Arthropod pests like brown marmorated stink bugs, Asian lady beetles, western conifer seed bugs, elm leaf beetles, cluster flies and face flies are all known for maintaining infestations within homes during the entire winter season, even in the northernmost US states. These particular arthropod species are known as “overwintering pests,” as they invade homes during the winter in order to establish warm shelter where they can survive until the arrival of spring. With the exception of the above mentioned species, arthropod pests are not much of a concern during the winter season in most regions of the US. However, in the southernmost states, a significant number of arthropod pests invade homes year round.
In central Texas, the winter cold reduces much of the insect and plant food sources that more durable insect species rely on in order to survive. Also, bouts of bitter cold weather during winters in central Texas usually do not last long enough to force all insect pests into hibernation or death, but the cold is enough to motivate many of them into seeking warmer conditions within homes where much needed moisture and food sources can be more readily secured. According to Wizzie Brown of the Texas A&M Extension Service, scorpions and cockroaches are two arthropods that are likely to invade central Texas homes during the winter season.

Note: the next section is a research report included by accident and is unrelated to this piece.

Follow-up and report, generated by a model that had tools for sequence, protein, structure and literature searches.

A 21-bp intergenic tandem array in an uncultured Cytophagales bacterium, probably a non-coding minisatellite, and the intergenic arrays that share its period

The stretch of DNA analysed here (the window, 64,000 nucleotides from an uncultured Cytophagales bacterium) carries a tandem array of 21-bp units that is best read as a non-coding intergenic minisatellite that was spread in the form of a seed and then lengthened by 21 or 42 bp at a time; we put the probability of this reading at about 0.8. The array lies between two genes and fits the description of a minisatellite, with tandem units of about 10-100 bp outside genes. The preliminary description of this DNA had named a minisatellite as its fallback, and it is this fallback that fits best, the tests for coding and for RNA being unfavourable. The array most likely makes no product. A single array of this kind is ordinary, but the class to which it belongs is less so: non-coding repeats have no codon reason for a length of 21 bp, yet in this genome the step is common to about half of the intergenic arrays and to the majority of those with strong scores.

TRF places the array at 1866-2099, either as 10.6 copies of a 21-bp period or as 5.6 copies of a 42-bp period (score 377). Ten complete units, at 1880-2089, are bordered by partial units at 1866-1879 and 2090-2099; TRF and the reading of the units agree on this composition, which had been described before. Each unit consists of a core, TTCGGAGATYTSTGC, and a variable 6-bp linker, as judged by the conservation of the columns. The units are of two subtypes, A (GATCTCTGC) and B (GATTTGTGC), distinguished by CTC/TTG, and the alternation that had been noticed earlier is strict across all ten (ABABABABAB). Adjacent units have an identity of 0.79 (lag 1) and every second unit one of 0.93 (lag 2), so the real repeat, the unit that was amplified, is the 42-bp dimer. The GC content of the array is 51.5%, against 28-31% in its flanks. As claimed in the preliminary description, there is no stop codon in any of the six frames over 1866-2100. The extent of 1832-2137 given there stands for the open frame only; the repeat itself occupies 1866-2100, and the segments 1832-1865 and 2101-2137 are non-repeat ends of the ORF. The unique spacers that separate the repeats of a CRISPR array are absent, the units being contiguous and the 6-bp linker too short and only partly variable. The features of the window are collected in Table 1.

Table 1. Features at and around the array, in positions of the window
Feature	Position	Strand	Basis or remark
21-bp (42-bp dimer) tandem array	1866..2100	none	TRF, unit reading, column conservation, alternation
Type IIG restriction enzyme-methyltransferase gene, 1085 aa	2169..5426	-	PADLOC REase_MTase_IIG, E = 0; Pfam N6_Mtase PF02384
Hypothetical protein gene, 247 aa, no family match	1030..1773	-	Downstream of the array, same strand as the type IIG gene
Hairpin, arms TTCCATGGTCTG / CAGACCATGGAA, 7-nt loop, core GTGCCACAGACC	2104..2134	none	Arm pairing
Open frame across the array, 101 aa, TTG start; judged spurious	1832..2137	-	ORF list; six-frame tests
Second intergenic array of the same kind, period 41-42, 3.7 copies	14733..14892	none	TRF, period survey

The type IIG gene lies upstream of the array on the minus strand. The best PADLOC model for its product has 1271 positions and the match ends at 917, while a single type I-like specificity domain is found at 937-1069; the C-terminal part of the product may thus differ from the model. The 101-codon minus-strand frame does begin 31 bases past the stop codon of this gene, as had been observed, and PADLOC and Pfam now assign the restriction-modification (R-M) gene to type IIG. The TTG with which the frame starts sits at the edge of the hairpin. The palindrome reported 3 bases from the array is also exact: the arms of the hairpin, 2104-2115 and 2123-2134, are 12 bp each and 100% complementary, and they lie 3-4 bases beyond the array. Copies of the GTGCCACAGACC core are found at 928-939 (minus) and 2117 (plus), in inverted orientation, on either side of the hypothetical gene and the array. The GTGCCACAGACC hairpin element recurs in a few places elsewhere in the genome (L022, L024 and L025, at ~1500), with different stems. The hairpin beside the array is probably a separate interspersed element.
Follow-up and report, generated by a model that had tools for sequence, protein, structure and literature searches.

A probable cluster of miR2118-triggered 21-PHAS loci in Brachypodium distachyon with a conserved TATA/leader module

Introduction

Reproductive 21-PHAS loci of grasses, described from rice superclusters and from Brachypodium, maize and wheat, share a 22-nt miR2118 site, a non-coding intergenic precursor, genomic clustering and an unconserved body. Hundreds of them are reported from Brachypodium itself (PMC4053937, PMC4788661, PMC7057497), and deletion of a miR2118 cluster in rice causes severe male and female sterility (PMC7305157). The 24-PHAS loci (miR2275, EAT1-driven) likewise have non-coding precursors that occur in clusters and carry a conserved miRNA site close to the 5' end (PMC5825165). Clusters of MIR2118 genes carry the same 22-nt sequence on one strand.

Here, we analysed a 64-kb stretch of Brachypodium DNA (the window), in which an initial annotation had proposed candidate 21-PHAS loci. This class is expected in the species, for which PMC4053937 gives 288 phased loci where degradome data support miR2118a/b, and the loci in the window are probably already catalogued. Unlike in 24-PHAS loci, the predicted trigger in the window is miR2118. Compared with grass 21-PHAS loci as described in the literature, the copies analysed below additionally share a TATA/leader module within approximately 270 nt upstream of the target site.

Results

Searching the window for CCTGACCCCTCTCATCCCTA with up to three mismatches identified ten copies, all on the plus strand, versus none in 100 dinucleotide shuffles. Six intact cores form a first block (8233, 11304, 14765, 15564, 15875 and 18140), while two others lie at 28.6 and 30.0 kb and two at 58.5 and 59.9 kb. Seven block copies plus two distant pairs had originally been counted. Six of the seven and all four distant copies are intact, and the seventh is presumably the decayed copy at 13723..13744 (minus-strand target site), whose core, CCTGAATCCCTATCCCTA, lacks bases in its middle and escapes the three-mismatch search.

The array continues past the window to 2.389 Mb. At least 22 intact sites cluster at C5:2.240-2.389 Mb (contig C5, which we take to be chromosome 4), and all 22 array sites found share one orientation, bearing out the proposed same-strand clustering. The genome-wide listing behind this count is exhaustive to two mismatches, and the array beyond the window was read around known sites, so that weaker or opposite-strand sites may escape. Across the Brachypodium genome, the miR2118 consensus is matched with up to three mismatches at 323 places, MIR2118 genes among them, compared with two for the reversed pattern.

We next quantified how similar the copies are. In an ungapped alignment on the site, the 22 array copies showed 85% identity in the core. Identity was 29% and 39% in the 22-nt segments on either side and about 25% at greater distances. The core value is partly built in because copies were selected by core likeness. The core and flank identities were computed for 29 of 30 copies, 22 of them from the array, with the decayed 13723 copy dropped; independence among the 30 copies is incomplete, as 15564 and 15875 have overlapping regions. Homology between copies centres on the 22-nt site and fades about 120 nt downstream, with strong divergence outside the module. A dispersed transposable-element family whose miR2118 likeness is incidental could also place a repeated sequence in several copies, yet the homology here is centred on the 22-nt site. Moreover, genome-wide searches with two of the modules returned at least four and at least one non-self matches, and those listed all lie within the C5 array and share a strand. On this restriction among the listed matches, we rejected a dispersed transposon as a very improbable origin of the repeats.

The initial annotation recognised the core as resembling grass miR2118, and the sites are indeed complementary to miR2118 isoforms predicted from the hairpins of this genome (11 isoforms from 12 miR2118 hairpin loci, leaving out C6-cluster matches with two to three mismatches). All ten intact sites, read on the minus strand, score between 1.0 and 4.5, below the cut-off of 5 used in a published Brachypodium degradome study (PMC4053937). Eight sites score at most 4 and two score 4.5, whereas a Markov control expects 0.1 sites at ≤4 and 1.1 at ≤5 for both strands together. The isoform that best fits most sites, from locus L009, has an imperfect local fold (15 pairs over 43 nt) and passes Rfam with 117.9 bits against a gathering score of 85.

At least 18 scorpion species have been documented in Texas, but the striped bark scorpion is the most common home-invading species found in central Texas. Well over 40 cockroach species can be found in Texas, but the American and the smokybrown species are the two most common roach species that invade homes in central Texas during the winter. Another pest control professional with the Texas A&M Extension Service, Molly Keck, states that black crazy ants are also common in homes located in the region, as they often hitchhike into homes on potted plants that residents bring indoors before or during the winter season. Black crazy ants also invade homes through small openings on the external walls of homes, and they can be recognized for their dark body color and erratic movements.
Striped bark scorpions are hard to confuse with other arthropods, but they are around 2 ¾ inches in length, and they are pale yellow in color with two parallel stripes on their backs. American and smokybrown cockroaches are among the two largest cockroach species in the US, and the American species can be particularly unpleasant due to their tendency to fly toward humans. The American cockroach is around 2 inches, while the smokybrown cockroach is around 1 ⅜ inches. While these arthropod pests are not deadly to humans, their infestations can be difficult to eradicate.
Have you ever encountered an airborne cockroach within your home?